After cutting the fall in value of its US shale gas projects and the decision to abandon its offshore drilling programme off the coast of Alaska, shares in BP have fallen sharply.
The figures are nothing but bad news for a company that posted profits of £3.44bn last year. ‘Replacement cost profits’ (profits that are announced in relation to the cost of oil at a given time) have been affected by falling oil prices and the falling price of US shale gas, in which the company has extensive investments.
In a statement to the press, Bob Dudley, BP group chief executive, said in a statement to the press: “We recognise this was a weak earnings quarter, driven by a combination of factors affecting both the sector and BP specifically.
Mr Dudley also pointed out that BP’s turnaround and maintenance programme is affecting the company’s profits. He commented: “All of [the required maintenance] will take time, but it is important investment that will enhance safety and reliability for the long term.”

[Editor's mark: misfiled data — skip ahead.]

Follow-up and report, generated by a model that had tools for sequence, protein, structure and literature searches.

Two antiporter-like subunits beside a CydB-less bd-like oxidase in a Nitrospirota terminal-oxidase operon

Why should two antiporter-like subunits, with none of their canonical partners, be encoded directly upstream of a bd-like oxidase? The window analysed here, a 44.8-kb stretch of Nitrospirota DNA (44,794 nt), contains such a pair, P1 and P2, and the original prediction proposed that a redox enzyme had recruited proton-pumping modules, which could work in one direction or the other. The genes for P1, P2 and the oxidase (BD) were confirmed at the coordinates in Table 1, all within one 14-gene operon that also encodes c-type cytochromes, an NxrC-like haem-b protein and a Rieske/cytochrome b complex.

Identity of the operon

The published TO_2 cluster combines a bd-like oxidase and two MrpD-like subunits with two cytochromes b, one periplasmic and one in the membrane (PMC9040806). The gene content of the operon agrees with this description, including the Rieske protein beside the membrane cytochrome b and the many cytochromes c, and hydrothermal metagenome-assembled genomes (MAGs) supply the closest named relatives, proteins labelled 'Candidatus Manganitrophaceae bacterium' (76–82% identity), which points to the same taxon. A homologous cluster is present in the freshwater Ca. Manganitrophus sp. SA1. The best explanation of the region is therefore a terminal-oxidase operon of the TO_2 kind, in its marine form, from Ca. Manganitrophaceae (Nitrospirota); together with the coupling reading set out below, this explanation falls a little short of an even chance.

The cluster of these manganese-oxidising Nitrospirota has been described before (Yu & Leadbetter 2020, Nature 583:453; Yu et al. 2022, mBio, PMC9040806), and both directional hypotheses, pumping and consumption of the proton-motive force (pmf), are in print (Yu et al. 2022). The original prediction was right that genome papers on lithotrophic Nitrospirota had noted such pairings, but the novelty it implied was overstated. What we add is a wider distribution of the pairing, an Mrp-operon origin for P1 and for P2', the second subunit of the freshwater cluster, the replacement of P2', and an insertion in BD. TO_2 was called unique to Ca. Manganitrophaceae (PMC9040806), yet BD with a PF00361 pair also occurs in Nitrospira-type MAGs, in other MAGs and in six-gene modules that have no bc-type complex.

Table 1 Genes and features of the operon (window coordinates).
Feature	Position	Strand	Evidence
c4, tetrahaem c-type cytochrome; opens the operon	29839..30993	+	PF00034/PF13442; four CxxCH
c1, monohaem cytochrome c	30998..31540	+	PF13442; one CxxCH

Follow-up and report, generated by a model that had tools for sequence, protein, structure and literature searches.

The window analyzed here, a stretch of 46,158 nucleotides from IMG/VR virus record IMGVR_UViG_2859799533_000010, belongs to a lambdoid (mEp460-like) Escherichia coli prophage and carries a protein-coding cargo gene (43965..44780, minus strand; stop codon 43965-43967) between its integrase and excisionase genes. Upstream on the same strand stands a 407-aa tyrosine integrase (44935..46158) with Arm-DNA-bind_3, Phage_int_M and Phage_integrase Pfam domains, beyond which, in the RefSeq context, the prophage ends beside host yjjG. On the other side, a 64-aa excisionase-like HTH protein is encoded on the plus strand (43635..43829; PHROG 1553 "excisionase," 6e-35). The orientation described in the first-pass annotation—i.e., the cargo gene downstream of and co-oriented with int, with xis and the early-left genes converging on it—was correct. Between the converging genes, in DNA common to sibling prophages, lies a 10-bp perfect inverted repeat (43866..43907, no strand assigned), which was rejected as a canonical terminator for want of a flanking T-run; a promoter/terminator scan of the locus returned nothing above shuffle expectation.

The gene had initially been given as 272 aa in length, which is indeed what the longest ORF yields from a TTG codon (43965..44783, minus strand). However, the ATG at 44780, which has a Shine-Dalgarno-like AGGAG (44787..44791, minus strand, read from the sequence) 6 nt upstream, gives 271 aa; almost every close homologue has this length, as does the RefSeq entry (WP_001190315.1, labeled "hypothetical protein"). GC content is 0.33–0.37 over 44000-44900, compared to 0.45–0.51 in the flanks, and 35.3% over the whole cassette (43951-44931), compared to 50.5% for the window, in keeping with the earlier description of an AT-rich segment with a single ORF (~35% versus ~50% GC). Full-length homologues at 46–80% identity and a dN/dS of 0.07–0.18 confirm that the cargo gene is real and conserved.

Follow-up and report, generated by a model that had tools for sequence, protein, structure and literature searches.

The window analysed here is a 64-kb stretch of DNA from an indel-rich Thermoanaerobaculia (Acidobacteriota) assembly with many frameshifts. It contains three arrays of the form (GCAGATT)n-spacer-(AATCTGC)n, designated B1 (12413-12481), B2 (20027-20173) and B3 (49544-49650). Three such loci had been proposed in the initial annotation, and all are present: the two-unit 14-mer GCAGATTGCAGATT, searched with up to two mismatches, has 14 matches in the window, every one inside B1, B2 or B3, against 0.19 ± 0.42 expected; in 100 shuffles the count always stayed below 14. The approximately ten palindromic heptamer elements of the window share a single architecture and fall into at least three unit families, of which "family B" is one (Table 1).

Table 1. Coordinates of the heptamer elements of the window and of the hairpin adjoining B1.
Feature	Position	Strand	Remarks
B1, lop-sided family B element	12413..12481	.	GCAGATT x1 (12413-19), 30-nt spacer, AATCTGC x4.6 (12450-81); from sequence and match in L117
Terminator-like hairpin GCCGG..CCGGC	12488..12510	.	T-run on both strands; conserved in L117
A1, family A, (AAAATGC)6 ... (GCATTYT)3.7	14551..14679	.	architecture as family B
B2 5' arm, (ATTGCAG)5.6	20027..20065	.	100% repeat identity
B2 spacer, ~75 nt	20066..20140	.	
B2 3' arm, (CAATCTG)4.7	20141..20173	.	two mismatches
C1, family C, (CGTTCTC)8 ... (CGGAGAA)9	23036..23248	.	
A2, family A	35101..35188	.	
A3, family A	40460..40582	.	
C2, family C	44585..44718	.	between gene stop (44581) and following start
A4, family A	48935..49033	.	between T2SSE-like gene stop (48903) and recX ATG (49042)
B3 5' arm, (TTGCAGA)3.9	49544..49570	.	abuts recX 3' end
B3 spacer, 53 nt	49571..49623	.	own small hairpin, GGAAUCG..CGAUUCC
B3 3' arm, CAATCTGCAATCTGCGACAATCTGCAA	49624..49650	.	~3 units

“Rebuilding trust with our shareholders and other stakeholders is vitally important. We are making progress against the critical strategic and operational targets we have set ourselves and are confident that this will deliver long-term, sustainable value,” he added.
Analysts have pointed out that the company is still licking its wounds after the Deepwater Horizon oil spill, twinned with the £2bn fine it received from the Russian Government for attempting a takeover of the oil giant Rosneft. A group of Russian billionaires launched a successful legal challenge against the bid, but BP says it is appealing against the fine.